You may have to pay up to £140,000 more Inheritance Tax and now is the time to seek specialist legal advice
A new Inheritance Tax (IHT) relief called the Residence Nil Rate Band (RNRB) came into force last year. Under the Government’s current plans this additional relief will increase each year and by 2020/21 married couples or civil partners may be able to pass combined assets of up to £1,000,000 to their children without paying any IHT.
This comes at a time when IHT receipts are at a record high and the number of estates liable to tax continues to rise. During the 2017/18 tax year IHT paid in the UK totalled £5.2bn, a rise of 8% year on year and the highest figure on record. Although the introduction of the RNRB means that future IHT receipts should be dropping, many people are not taking advantage of the new allowances as they are extremely complex and they may not even be aware they exist.
To benefit from the RNRB a qualifying residence must pass on to direct descendants such as children and grandchildren, as passing on the residence to other relatives – such as siblings – means that the additional allowance will not apply. In addition, many thousands of Wills written before October 2007 contained Discretionary Nil-Rate Band Trusts, purely for tax planning reasons. Since then the law concerning IHT has changed meaning this type of Will trust is often redundant or, if no action is taken, could lead to added complications. Crucially, these trusts will not automatically qualify for the new RNRB and as a result far more tax, potentially up to £140,000, may have to be paid unnecessarily.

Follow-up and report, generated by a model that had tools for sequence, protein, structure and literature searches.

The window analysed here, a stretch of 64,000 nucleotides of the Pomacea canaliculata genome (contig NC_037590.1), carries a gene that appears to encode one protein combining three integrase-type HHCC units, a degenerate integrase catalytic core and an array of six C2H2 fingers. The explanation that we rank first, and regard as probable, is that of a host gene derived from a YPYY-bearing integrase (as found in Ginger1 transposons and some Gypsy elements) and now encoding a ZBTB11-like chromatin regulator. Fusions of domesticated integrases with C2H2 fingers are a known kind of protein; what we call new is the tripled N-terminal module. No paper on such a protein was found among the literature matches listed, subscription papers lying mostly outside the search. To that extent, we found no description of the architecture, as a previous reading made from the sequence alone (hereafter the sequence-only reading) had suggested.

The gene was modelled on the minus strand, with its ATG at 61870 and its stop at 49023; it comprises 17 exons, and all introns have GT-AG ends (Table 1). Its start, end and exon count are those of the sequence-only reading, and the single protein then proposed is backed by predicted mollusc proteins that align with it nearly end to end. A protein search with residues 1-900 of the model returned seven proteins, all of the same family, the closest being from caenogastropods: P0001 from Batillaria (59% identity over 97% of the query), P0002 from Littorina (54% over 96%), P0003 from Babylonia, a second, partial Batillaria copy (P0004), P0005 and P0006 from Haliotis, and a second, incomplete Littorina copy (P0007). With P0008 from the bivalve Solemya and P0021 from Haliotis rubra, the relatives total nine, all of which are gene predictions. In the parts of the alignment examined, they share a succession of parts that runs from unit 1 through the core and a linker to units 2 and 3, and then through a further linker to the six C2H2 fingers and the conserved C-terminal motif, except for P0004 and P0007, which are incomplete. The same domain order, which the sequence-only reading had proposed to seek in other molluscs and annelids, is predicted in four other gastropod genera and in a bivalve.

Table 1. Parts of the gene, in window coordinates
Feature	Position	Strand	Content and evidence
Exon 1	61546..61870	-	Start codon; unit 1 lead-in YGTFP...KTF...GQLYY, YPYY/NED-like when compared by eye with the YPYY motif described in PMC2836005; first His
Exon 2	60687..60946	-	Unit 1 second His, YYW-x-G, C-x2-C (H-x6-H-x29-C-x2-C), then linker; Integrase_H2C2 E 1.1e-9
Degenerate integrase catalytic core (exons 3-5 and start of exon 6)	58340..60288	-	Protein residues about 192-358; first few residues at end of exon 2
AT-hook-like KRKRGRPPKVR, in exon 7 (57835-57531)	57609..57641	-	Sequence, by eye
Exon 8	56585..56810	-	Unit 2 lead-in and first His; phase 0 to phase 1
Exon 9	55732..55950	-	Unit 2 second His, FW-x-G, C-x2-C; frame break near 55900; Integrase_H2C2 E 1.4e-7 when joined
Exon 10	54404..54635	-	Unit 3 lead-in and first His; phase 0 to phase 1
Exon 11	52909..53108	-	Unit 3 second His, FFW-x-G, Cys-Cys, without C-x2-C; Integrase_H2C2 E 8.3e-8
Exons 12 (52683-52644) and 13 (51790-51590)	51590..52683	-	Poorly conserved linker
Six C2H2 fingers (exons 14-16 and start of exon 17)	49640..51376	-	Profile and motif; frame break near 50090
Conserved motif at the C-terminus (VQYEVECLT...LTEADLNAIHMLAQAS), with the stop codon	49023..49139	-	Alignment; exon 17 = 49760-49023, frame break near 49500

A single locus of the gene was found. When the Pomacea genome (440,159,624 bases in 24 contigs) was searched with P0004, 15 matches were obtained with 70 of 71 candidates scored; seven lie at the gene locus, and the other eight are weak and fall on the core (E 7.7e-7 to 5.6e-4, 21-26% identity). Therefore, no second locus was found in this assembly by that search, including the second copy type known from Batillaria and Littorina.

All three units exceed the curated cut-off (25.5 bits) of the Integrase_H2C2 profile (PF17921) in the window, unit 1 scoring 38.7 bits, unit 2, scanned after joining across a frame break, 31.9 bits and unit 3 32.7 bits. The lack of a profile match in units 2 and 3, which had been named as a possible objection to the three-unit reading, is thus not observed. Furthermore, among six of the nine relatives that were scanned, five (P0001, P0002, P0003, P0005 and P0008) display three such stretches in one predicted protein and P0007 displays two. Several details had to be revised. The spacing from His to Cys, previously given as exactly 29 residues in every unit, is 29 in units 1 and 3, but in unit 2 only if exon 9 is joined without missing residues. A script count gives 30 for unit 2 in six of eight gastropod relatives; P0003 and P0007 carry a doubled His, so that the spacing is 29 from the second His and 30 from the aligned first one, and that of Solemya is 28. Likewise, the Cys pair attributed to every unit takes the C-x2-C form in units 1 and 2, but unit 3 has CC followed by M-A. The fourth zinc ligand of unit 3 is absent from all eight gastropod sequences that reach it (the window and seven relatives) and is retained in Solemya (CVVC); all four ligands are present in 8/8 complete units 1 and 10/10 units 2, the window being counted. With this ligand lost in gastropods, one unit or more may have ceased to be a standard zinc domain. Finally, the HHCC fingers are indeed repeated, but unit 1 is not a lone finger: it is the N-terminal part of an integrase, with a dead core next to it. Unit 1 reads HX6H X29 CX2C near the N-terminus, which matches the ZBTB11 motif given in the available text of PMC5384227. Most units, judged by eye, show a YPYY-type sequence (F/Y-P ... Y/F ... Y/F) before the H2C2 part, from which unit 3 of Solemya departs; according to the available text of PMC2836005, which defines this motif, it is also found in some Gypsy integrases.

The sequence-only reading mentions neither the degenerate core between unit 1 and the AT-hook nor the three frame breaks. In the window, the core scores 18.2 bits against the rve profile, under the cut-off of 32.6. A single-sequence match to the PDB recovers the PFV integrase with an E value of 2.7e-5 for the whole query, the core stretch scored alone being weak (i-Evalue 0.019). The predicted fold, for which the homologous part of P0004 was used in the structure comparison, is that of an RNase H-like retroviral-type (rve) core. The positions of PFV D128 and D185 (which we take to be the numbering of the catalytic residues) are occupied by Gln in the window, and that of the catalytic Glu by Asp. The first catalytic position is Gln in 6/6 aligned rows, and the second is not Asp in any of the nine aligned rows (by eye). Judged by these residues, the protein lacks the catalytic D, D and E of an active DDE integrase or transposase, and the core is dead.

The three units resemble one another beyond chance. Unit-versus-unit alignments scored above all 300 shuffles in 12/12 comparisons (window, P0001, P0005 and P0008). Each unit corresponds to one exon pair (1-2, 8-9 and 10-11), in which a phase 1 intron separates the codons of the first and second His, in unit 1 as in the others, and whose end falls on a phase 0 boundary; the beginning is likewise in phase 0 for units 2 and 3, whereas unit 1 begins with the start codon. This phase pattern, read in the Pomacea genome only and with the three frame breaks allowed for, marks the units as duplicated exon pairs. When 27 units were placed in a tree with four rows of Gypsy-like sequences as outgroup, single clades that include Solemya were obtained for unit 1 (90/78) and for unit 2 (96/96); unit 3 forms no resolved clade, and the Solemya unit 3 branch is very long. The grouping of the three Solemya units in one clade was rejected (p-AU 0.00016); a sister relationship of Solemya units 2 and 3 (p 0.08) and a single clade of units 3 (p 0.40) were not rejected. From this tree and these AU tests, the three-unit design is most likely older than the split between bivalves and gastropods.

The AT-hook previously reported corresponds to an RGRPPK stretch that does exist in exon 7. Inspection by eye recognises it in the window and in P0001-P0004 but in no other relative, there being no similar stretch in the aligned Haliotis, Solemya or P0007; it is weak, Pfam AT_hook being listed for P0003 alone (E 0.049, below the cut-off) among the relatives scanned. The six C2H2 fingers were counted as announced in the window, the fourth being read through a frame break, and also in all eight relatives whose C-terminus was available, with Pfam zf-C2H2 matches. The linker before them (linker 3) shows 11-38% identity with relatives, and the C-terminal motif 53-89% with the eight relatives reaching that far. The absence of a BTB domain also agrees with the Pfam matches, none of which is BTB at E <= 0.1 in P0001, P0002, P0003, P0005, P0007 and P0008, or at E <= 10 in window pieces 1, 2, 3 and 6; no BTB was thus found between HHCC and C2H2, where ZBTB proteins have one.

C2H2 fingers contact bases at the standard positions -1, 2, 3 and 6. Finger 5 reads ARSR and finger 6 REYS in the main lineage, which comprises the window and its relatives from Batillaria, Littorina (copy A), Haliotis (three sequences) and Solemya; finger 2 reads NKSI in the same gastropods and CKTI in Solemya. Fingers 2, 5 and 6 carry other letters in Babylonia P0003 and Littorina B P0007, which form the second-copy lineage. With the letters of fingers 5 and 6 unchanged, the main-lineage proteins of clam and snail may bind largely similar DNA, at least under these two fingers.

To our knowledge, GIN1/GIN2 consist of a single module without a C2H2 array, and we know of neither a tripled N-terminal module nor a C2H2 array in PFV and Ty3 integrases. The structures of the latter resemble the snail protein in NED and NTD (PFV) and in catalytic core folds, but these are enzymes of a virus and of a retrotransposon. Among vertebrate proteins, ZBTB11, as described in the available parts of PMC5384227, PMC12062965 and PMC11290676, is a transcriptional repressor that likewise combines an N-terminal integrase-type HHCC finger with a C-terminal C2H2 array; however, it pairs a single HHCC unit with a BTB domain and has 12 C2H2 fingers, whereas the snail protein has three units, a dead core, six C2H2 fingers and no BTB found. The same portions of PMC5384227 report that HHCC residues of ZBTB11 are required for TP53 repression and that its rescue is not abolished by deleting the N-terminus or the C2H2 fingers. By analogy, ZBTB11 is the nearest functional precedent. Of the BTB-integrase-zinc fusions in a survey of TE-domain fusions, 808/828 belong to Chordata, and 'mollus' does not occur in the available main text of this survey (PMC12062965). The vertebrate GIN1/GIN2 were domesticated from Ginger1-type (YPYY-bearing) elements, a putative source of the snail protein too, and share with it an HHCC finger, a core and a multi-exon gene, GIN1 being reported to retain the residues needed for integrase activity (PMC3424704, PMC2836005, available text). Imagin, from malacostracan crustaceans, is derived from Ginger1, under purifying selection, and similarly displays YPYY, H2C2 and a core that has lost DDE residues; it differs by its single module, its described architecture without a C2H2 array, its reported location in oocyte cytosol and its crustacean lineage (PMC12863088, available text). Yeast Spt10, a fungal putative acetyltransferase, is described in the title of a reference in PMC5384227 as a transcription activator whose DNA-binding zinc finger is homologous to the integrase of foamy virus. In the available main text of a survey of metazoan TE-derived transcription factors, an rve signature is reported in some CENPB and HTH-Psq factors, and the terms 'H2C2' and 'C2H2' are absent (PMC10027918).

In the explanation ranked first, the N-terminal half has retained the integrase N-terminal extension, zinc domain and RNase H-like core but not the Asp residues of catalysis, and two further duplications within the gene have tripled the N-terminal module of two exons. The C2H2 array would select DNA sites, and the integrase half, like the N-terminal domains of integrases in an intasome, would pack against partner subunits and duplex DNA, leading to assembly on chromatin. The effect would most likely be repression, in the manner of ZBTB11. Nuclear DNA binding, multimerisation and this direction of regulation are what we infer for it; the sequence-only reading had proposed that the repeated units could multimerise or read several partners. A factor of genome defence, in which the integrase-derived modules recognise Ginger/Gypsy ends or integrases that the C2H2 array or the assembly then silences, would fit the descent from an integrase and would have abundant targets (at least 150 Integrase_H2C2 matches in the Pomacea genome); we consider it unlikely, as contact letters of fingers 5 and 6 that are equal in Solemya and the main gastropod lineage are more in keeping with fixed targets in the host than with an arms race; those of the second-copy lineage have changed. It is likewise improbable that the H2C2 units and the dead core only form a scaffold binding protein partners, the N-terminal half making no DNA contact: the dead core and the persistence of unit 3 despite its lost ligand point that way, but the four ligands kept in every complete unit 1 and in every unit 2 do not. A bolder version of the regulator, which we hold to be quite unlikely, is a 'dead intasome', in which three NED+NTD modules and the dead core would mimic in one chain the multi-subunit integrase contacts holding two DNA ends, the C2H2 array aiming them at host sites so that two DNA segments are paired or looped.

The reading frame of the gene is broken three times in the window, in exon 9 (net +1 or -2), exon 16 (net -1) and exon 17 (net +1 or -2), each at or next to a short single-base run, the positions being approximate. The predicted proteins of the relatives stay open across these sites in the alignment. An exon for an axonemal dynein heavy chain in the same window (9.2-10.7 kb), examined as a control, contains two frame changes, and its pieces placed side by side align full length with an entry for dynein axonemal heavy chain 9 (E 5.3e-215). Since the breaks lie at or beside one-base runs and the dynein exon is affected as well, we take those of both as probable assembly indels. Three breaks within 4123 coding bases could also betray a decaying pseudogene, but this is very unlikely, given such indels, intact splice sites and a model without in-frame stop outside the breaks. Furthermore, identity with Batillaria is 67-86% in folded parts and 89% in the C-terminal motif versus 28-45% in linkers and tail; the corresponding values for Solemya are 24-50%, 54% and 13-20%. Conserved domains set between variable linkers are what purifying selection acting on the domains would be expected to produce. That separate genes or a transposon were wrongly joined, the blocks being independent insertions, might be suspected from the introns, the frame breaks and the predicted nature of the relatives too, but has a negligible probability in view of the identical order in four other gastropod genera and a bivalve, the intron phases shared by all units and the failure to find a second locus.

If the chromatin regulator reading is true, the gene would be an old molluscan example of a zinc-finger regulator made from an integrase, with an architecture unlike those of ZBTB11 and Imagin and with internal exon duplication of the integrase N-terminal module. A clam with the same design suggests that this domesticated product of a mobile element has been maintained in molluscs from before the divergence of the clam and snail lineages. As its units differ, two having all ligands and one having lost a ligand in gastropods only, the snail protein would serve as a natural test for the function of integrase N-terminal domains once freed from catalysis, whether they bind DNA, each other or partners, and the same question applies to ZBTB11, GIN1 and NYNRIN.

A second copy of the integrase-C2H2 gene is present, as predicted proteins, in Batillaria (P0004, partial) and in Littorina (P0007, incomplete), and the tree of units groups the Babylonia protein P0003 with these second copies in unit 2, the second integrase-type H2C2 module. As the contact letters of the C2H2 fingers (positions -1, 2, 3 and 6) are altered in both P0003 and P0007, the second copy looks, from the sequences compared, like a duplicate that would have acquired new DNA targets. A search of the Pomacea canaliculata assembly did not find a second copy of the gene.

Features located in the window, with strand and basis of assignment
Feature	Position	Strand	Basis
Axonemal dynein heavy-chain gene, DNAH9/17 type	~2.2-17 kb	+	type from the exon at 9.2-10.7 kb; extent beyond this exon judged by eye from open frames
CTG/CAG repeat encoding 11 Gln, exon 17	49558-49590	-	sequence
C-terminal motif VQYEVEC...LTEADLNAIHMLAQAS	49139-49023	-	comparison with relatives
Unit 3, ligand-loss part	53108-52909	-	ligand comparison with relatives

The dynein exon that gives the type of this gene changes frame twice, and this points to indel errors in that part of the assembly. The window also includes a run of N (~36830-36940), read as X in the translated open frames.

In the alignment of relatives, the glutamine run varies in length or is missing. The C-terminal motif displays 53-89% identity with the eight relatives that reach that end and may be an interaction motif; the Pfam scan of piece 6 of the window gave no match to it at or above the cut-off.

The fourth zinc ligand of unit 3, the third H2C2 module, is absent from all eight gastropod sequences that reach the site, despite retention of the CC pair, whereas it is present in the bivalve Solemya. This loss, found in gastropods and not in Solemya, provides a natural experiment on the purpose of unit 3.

The law governing IHT is complex so families should invest in getting the appropriate professional advice on what legitimate steps they can take to minimise their exposure to IHT. Taking action now could save enormous sums of money in the long term.
Thursfields Legal Limited is authorised and regulated by the Solicitors Regulation Authority and our expert team includes members of the Society of Trust & Estate Practitioners (STEP) and Solicitors for the Elderly (SFE).
For more information please contact our specialist Edward Jones on 0121 624 4000 or email firstname.lastname@example.org